The GEM solution
In many developing countries power imbalances between different market actors, or environmental risks (such as drought, flooding or climate change), can prevent marginalised smallholders from accessing and thriving within their local or national agricultural market economies. Entrenched gender inequality means that women find it especially hard to gain positions in markets, especially within the more profitable activities around processing and trading.
The GEM solution
The real value of the GEM programme is that, for the first time, we are consolidating our considerable experience and expertise across three critical areas affecting enterprise and market system development. This will significantly improve the impact and scale of our work with marginalised smallholders.
The three critical areas are:
1. Power in markets For over 20 years, Oxfam has been developing approaches to address power imbalances between smallholders and other agricultural market actors. Working collectively increases the power of smallholders and so we support the organisational development of community groups, business enterprises, co-operatives, and unions. We also facilitate multi-stakeholder platforms, to influence local and national government, private sector companies, and other market actors, by
showing both the specific and wider socio-economic benefits of investment in smallholder agriculture.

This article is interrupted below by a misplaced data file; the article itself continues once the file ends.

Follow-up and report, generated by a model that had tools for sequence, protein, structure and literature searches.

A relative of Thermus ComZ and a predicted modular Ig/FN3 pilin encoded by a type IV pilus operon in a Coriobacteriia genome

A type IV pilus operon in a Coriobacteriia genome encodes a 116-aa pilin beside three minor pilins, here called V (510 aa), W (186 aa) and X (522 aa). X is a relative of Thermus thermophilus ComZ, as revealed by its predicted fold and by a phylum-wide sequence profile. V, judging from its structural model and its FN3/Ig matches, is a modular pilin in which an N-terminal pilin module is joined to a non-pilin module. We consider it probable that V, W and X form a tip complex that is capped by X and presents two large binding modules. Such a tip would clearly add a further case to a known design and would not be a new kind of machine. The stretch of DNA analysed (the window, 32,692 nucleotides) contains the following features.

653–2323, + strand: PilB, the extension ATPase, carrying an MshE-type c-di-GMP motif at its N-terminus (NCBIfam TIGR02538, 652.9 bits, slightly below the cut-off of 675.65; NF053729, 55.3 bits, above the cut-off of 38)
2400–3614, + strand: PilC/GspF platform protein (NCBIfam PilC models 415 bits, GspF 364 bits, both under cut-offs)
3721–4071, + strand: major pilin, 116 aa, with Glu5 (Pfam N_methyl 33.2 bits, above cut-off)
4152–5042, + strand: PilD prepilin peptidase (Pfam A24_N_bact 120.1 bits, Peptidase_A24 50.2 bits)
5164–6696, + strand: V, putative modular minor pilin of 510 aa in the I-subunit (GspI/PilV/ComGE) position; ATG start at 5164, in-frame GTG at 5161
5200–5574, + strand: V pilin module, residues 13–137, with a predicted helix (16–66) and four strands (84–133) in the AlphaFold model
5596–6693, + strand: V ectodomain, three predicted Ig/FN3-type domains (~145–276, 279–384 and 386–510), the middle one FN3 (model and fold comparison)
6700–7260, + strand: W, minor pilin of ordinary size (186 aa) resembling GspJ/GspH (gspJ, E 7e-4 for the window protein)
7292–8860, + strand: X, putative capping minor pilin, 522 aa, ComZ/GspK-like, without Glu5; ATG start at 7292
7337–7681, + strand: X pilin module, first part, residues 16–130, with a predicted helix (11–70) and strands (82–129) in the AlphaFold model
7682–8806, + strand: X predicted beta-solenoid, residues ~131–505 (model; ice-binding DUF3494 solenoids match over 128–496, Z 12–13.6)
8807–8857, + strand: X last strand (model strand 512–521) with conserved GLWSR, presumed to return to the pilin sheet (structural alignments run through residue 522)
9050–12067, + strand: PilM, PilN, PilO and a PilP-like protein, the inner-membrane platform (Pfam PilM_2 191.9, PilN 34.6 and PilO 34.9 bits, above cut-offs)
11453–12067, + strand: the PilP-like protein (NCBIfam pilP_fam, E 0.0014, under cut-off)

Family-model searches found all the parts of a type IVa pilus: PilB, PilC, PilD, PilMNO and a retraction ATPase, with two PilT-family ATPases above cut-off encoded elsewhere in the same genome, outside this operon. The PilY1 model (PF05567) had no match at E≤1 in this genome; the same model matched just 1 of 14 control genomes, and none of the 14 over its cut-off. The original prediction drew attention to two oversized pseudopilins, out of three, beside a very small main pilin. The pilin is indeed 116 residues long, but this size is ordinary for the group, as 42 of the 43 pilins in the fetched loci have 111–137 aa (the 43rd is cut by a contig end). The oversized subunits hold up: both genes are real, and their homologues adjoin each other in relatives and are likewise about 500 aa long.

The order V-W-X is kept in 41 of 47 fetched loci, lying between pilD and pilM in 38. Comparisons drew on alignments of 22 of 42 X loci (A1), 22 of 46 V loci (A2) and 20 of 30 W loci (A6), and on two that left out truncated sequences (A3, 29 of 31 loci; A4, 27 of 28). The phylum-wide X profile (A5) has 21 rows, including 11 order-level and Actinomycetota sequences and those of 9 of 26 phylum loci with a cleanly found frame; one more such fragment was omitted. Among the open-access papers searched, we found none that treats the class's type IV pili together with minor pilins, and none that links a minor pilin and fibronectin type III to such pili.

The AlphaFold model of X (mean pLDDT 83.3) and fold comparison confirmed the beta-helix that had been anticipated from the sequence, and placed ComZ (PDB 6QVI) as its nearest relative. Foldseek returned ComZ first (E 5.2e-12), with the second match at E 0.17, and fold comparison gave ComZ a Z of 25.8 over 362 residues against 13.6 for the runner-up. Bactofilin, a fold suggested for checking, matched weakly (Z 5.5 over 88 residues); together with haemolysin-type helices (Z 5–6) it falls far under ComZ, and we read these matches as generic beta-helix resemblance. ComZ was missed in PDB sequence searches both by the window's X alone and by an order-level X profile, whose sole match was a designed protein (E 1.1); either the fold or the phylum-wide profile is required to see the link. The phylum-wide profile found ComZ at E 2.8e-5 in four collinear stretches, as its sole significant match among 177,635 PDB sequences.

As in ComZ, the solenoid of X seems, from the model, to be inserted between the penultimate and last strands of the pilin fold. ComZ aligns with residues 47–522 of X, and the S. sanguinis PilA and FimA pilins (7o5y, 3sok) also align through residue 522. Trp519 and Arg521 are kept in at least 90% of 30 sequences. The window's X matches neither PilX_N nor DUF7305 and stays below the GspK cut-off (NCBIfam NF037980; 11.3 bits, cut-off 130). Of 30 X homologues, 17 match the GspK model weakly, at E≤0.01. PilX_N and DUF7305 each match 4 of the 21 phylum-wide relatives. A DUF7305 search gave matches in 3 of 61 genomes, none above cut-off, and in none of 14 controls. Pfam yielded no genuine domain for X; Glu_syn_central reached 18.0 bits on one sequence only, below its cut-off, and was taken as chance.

2. Women's economic leadership (WEL): Since 2008, Oxfam has been developing a methodology for programme design to better identify and address power imbalances between men and women in agricultural markets. WEL is about selecting market sub-sectors, or roles, that have the most potential to increase women's power in market activities, as well as at a household and community level. WEL promotes gender
equality in economic decision-making and roles for smallholder women that go beyond production, into more profitable and less risky market activities.
3. Climate change adaptation and disaster risk reduction: For many years, Oxfam has worked with smallholder communities to help them set up their own systems to identify, assess, monitor, mitigate, respond or adapt to environmental risks such as natural disasters (eg floods, or drought) and, more recently, longer-term gradual changes caused by climate change (eg temperature increase or decrease in rainfall).
Since smallholders' limited assets are vulnerable to environmental changes, participating in agricultural markets can be a risky business if existing, or emerging, hazards are not adequately addressed (eg appropriate crop selection based on information about climate changes, or vulnerability to disasters).